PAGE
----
Vein-viewers called a ‘game-changer’ by nurses
February 20, 2019
CHARLOTTETOWN, PEI – Patients who have experienced pain or anxiety while having their blood drawn or an IV inserted may find comfort in new technology that makes it easier to access “difficult” veins. Nurses are calling four new vein viewers at the Queen Elizabeth Hospital (QEH) in Charlottetown a “game changer.”
The equipment features a unique, high-powered light that displays a real-time, high-definition image of veins beneath a patient’s skin that may be invisible to the naked eye. The vein viewers were purchased by the QEH Foundation at a total cost of $40,000.
Tracey Hagan-O’Connor (pictured), an RN at the QEH, said that’s good news for patients with veins that are small or difficult to access, those who have undergone repeated infusions that may have resulted in collapsed veins, or anyone who finds it stressful to have their blood drawn.
“A lot of the nurses have used it and it’s great. Most patients we’re able to get it on the first time,” she said. “It’s been excellent. It can show the blood flow, it shows the valves.”
Denis Dunne has been going to the Queen Elizabeth Hospital for years for his hemochromatosis – a disorder which means his blood is abnormally high in iron. This meant nurses had to find a vein, and his are quite elusive. “I hated to put the nurses through it because I’m just one of those difficult people to find a vein, so it wasn’t something I enjoyed all the time,” he said.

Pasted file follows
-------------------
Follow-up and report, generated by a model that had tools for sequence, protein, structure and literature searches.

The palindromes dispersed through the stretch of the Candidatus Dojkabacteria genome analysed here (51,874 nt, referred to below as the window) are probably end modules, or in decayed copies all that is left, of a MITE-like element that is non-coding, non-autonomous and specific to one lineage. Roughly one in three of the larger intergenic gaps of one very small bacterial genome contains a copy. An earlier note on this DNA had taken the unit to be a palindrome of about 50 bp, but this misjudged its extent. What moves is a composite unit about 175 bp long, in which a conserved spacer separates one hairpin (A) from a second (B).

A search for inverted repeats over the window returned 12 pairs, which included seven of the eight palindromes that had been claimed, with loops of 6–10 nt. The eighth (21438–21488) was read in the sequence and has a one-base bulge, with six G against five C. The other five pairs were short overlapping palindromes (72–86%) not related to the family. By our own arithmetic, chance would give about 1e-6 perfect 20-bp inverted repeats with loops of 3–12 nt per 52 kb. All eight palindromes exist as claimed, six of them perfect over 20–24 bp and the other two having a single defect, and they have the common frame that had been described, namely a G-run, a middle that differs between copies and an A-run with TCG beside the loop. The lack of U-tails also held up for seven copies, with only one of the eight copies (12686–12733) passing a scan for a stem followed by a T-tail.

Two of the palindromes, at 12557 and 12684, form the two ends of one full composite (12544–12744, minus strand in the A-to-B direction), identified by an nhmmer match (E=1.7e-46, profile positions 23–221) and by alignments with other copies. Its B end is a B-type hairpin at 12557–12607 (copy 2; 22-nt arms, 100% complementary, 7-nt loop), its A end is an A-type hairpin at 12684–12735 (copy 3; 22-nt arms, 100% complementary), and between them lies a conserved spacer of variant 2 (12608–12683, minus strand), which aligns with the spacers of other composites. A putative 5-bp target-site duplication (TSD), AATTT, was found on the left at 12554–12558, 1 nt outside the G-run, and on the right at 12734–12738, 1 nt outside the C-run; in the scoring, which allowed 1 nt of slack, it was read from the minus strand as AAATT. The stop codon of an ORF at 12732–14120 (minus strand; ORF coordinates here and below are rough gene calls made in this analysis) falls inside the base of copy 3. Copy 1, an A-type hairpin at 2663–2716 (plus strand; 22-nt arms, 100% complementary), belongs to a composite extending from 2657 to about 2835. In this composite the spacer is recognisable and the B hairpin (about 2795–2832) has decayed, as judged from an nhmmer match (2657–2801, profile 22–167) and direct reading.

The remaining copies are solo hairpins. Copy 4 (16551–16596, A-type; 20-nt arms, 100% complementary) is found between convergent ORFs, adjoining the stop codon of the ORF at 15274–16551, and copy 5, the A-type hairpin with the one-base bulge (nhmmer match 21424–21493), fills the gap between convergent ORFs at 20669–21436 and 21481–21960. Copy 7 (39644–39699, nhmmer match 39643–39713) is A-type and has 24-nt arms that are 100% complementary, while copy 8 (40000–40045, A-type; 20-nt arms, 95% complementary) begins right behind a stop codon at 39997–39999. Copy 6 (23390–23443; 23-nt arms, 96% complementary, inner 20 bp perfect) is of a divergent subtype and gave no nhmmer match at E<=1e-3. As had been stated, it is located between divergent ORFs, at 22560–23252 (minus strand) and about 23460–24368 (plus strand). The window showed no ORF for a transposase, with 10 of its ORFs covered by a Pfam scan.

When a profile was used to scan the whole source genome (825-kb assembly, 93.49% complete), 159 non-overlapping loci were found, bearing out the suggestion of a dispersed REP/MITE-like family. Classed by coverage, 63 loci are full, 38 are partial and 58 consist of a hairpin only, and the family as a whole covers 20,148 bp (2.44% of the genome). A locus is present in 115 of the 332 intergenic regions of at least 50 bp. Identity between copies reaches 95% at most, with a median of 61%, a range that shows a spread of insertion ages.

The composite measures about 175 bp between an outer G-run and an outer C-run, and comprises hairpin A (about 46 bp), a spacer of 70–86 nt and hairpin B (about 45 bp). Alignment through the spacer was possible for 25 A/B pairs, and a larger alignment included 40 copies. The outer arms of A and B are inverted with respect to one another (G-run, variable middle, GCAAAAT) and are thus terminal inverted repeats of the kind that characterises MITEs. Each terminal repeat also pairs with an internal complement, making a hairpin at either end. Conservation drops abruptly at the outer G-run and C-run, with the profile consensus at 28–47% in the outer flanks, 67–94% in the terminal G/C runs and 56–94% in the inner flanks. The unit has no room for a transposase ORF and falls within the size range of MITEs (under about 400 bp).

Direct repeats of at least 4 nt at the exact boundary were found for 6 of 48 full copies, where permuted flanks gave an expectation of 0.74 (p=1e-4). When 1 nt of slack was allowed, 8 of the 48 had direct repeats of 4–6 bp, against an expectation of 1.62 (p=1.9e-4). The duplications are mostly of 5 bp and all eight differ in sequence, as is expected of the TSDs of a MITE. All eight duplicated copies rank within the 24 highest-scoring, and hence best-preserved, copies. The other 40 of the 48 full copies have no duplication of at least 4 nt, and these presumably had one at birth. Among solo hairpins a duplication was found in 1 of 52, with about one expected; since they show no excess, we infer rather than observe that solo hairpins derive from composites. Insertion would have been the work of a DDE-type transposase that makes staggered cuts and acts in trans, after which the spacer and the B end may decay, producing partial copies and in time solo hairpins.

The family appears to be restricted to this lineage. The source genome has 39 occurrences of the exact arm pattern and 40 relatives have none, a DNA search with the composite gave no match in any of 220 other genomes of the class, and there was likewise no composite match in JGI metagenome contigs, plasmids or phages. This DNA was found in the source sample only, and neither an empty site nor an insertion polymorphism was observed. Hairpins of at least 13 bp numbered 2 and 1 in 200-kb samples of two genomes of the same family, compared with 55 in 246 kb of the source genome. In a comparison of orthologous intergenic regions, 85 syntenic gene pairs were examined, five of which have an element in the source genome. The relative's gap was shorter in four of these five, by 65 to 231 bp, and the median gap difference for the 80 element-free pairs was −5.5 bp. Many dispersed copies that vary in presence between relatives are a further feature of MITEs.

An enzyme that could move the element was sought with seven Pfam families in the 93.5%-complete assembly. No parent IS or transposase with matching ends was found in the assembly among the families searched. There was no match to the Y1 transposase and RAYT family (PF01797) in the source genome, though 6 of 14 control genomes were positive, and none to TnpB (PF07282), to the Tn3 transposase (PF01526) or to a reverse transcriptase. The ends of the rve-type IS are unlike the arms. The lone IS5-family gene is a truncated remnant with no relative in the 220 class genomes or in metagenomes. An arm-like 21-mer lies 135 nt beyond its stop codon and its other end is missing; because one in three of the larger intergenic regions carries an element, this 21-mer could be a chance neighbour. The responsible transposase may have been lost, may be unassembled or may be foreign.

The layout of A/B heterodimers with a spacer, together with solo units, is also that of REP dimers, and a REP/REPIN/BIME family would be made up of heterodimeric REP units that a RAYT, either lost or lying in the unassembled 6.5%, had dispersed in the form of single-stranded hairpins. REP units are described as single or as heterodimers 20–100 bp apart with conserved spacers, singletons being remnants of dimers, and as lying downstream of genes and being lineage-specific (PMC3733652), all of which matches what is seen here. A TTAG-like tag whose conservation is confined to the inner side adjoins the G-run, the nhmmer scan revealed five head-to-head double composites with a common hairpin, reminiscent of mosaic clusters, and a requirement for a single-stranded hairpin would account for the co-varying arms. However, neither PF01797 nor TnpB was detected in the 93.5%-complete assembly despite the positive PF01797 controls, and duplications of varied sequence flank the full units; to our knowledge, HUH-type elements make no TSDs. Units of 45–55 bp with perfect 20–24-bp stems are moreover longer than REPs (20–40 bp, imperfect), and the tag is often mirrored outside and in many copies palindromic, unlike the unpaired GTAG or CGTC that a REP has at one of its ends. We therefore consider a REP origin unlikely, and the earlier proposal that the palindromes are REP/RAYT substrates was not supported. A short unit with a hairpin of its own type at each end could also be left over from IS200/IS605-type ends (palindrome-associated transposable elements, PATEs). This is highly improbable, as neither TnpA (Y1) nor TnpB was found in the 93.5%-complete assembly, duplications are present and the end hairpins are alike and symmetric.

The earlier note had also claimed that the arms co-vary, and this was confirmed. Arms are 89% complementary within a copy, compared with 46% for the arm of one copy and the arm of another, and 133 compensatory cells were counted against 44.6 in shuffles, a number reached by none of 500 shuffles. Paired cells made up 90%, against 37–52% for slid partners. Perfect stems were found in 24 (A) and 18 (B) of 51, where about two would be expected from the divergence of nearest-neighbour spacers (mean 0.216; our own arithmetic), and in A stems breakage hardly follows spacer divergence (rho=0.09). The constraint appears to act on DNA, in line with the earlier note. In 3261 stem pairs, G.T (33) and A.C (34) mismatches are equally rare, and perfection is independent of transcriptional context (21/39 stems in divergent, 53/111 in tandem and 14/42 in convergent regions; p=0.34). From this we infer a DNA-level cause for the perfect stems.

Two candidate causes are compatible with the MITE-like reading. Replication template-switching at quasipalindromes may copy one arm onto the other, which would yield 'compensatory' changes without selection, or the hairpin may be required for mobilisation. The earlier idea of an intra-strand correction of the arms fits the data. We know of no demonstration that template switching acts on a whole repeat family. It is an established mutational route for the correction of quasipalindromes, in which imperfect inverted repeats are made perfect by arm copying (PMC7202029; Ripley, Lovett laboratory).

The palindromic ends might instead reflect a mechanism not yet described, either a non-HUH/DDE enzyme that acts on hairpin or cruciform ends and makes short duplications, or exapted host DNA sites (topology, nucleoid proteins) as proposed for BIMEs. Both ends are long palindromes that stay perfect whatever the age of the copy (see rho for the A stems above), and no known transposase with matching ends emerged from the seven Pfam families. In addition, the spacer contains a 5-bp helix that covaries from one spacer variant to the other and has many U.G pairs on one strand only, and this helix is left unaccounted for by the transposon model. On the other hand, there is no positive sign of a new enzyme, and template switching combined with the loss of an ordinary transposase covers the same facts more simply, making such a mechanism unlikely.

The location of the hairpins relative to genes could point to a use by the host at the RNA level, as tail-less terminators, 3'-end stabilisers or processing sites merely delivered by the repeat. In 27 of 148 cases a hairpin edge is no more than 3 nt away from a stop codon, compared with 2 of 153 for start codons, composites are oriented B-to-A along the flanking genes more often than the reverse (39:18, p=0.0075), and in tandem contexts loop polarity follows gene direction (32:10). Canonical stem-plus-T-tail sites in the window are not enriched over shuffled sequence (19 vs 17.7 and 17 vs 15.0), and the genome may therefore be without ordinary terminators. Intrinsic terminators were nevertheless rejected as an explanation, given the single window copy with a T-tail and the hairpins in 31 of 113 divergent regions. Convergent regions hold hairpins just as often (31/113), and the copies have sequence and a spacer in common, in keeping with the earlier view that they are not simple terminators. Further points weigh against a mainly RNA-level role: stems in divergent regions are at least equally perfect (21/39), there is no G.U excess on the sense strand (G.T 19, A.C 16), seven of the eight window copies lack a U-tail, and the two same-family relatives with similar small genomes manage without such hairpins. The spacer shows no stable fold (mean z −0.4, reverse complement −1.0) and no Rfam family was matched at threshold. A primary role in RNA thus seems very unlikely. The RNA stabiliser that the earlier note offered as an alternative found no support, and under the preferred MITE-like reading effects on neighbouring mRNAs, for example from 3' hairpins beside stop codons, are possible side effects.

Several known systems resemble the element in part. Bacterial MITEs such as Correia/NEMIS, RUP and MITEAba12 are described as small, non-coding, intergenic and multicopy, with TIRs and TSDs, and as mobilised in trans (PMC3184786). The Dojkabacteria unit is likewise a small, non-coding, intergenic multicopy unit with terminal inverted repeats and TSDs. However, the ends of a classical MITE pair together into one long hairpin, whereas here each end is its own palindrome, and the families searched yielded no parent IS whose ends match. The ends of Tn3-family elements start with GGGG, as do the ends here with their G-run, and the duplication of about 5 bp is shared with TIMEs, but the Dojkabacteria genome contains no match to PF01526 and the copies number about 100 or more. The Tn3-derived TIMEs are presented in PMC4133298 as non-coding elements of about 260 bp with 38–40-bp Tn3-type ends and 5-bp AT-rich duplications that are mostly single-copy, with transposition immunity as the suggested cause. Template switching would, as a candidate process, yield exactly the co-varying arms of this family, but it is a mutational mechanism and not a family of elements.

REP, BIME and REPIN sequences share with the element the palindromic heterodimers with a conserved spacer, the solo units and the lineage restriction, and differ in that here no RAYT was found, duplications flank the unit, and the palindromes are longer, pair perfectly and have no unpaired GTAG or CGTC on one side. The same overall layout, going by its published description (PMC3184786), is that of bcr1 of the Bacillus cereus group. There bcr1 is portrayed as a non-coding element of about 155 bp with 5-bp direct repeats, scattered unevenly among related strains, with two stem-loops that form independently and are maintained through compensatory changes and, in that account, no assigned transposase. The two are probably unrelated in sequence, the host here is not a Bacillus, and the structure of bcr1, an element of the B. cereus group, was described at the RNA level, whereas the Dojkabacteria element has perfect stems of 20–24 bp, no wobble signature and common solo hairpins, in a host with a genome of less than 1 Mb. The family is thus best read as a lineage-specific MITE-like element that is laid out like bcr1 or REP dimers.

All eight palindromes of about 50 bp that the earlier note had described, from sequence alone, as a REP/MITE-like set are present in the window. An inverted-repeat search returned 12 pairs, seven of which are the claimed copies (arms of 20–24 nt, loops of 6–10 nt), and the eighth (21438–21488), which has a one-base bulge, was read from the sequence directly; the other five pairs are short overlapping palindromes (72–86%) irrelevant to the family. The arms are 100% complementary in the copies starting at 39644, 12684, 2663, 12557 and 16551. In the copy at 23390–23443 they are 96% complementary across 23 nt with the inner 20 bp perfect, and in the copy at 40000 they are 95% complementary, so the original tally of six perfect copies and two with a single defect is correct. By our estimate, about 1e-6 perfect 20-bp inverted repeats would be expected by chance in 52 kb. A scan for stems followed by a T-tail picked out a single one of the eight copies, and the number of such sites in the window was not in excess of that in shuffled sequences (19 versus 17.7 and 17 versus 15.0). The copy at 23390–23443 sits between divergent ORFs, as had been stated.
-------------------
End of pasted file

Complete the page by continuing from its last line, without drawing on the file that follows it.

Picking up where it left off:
“There was times we weren’t successful and I had to go away, through no fault of their own. It’s just hard to find my vein.”
He’s had this new machine used on him only once by a nurse, who was using it for the first time, he said. It couldn’t have gone better.
“I was amazed how quickly we found that vein and I got rid of the blood and I was on my way in no time at all,” he said.
“I’m going to have a more relaxed feeling when I come here, because I know it’s going to be a hell of a lot easier for me and for the person who is taking the blood, so it’s like night and day. It really is.”
Wendy Poole, an RN at Souris Hospital, said she experienced the technology first-hand when she received chemotherapy at the P.E.I. Cancer Treatment Centre at the QEH.
“During one of my visits, the new equipment was being trialled and nursing staff were able to achieve successful vein puncture on their first attempt on my own difficult access veins,” she said in the release.
“Now that I am back to work, I use this equipment regularly and this new technology is a game changer for nursing staff and their patients.”